Thursday, September 29, 2005

To the Sky I Said Ouch! And The Rest...

A friend whose doggy had to be put to sleep, i.e., humanely put to death, and then whose kitty had a seizure and expired and now who has to have back surgery -- outpatient, sure, but they are doing heart transplants on an outpatient basis now next please -- and the best I could say to him after saying I was sorry was that he would be in my prayers if I had any.

How do you express condolence if you have nothing in particular with which to condole?

Food? Well when it comes to the comforting power of food when it is offered to a friend in pain:

Jews do it.
Southern Baptists do it.
Even famous actors practicing eccentric fringe religions like Tom
Cruise do it.
Let's do it,
Let's meet for lunch my treat.

The rest really is silence

Saturday, September 17, 2005

Sad But Pretty Damn True

I had recently had lunch in the Mission with two outstanding USF grads whose intent from the moment they walked on campus some years ago was to join the great fraternity -- well, in one case, sorority -- of print journalists. And so they did. I think this people are going to be lifers. We talked of many things, but the point they both made was that about 90 percent of their problems at work involved dealing with incompetent supervisors.

I mean top editors. I mean bosses.

The problems weren't subtle ethical issues. The problems weren't fierce debates about content or editorial direction. The problems were matters of basic competence and honesty.

In other words, the Peter Prinicple is alive and well. You may not need to become a master of workplace politics to survive and thrive, but you must understand it if you are going to keep yourself off the horns of the bull.

Am I right or am I right?

Friday, September 16, 2005

Almost Betrayed

I've always been amused by the old convention of men being betrayed by lipstick smudges, but I see that in the 21st Century it may have new life.

Today I was almost betrayed by a chocolate smudge on my cheek. We're on a modified Atkins diet, you see. It wasn't even a very good chocolate doughnut. That's part of the older convention, too: "I didn't love her. She was a floozy."

Indeed, that was one floozy of a doughnut, with all that that implies.

Friday, September 09, 2005

Bush Takes the Over, Muttering, "I'm Getting *Something* Out of This."

I suppose I should be encouraged that my Google search for the existence of the opportunity to place an over/under bet on the number of NO dead resulted in no hits.

That was shame-facedly done. Still, there was a point there. It wasn't just a manifestation of professional callousness, the kind you are supposed to affect if you are a journalist. Though let's be honest: In this tragedy, some of the best moments came when the "objective" facade of reporters on the scene cracked and fell away and they showed the pain they felt. Their lapses would have meant nothing if their default setting had not been dispassion and distance.

But I do think it is reasonable to note that initial predictions of the number of dead do trend high, as I am far from the first to say. I recall the famous SF Chronicle headline after the '89 earthquake -- 'Hundreds of Dead' or words to that effect. It's all a form of butt covering of course. The immediate desire to minimize culpability drives the low estimate. On the other end, revulsion at the apologists, plus the natural hyperbole of those plunged, perhaps for the first time in their lives, into catastrophe plus the simple fact in an odd way underestimating the scale of a disaster suggests disrespect for those who suffer -- all contribute to the issuing of predictions most dire.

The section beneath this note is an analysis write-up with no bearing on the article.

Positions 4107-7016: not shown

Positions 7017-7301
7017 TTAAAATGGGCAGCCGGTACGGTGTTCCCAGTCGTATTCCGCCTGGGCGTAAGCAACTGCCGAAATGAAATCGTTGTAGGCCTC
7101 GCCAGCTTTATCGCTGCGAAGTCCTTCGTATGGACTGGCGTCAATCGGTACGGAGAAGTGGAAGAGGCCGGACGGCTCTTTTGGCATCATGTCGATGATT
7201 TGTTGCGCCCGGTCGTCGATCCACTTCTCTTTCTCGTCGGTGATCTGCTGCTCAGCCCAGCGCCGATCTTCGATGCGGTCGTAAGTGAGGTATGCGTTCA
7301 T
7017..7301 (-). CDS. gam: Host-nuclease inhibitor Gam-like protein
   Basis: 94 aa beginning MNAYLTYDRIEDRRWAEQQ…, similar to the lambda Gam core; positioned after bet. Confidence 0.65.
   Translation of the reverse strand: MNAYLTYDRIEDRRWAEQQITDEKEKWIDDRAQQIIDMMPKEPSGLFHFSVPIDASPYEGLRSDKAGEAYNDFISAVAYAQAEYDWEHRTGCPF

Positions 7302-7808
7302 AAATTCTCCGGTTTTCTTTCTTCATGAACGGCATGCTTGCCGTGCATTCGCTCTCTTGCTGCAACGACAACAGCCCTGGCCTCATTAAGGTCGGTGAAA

In the end, I think the long-term political damage comes most probably from seeming to underestimate the death toll. All that said the over/under is 4,500. But I'm making a point. I'm not covering any bets.

Addendum: And here's Jimmy Wolcott getting all smart and stuff about the numbers game. And, goddess please forgive me, my friend Deep Iron -- for he is the deepest in irony I know and it's difficult to pin him down to what he really thinks so hard, so icy, so clever, so cynical is his heart -- is confident no more than 500 died in New Orleans. I had to take the over.

Thursday, September 01, 2005

Those Wascally Chwistians

An old friend dropped a link on me to a magazine article the thrust of which is that before the hurricane New Orleans was a jewel box wrapped in a hellhole of poverty and corruption, the underclass of which survived on the scraps that fell from the table of hedonistic tourism. It was dysfunctional and hopeless, a rotten piece of fruit that may have needed a mighty wind to bring it down today but would have fallen of its own weight tomorrow. Logic and self-interest dictate the federal government should back away and let it die. (The point at which "it" devolves into "them" was carefully obscured.)

And so my little joke, which is certainly not a new one: all those Christians who are creationists on Sunday and social Darwinists the rest of the week.